Friday, 24 April 2015

Students Tech Addiction Similar To Smoking

Students Tech Addiction Similar To Smoking

Tech addiction is a modern phenomenon that has been worrying parents for decades, and it seems that their anxiety is understandable. New research has found that around half of year 10 students experience symptoms of withdrawal when forced to stay offline, suggesting that the internet is addictive.

A recent poll conducted by 'Tablets for Schools' claims that "the peak age for feelings of addiction was year 10, where pupils are aged 14 or 15, with 49% of those pupils reporting this [addiction]. The greatest use of devices in bed comes a year later, with 77% of year-11 pupils. Aside from email the most commonly used sites at home were social networks like Facebook, Twitter and Snapchat."

Tablets for Schools is a charity which aims to supply, as the name suggests, tablets to school children. They have carried out this research to advice parents and children of the adverse effects of internet overuse, and to better understand the psychological dependence on technology that many children appear to exhibit.

Tech addiction is a relatively under-researched issue, mainly because the internet and, more specifically, social media, has only recently become such an important part of modern life. Most worrying of all are the similarities tech addiction can share with drug addiction, as Tablets for Schools found that "four in five students had significant mental and physical distress, panic, confusion and extreme isolation when forced to unplug from technology for an entire day."

Another piece of recent research, named ‘Unplugged’, has found that tech addiction knows no cultural boundaries, as a clear majority of ‘almost 1,000 university students, interviewed at 12 campuses in 10 countries, including Britain, America and China, were unable to voluntarily avoid their gadgets for one full day.’ Participants were allowed to maintain their use of books and had access to a landline, so they were able to experience traditional forms of information and contact with the outside world.

Sufferers essentially go through a kind of 'cold turkey', similar to drug withdrawal, when forced to refrain from using smart phones, tablets, laptops and computers. Some volunteers reported feeling as if they were on a diet. The condition of tech addiction is being termed 'Information Deprivation Disorder,' and could have an impact on how parents and children interact in the future.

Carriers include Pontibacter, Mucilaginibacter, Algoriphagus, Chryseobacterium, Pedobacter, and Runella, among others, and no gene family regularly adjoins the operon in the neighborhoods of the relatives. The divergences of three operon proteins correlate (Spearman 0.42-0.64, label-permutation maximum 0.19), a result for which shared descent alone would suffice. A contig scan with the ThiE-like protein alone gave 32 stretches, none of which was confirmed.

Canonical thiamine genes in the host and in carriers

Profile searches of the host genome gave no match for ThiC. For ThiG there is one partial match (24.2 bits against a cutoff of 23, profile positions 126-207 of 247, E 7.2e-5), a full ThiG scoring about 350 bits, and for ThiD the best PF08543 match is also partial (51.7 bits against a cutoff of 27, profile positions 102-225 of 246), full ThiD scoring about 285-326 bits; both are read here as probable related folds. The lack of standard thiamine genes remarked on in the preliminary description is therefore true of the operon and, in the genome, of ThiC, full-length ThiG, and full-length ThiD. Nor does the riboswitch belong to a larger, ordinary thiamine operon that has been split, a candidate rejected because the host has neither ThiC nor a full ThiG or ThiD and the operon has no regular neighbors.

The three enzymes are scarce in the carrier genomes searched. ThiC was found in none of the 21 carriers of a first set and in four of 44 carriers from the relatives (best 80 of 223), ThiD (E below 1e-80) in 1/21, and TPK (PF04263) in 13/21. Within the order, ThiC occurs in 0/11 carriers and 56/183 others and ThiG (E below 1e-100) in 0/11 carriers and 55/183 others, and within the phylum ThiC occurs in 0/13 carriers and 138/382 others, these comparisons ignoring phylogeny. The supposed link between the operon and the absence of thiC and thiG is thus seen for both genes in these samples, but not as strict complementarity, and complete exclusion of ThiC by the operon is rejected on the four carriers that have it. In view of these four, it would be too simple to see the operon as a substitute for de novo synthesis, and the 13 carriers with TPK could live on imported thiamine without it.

Dr Roman Gerodimos, a lecturer in communication who led the UK contingent of the international study, said: "We were not just seeing psychological symptoms, but also physical symptoms." These physical symptoms include fidgeting, restlessness, and even heart palpitations, and students reported that they keep trying to reach for their phones, and finding that they weren't there.’ This section of the study featured 150 students from Bournemouth University, aged between 17 to 23, and they found that one in five reported feelings of withdrawal akin to addiction while more than one in 10 admitted being left confused and feeling like a failure. Just 21 per cent said they could feel the benefits of being unplugged.

There are some positives, however, as many students developed new coping mechanisms, such as going for walks and visiting friends. Although we use technology mainly for socialising, it was the loss of music that many students found most difficult to cope with. The majority of participants developed coping mechanisms to distract themselves and even found some enjoyment in being ‘unplugged’.

No comments: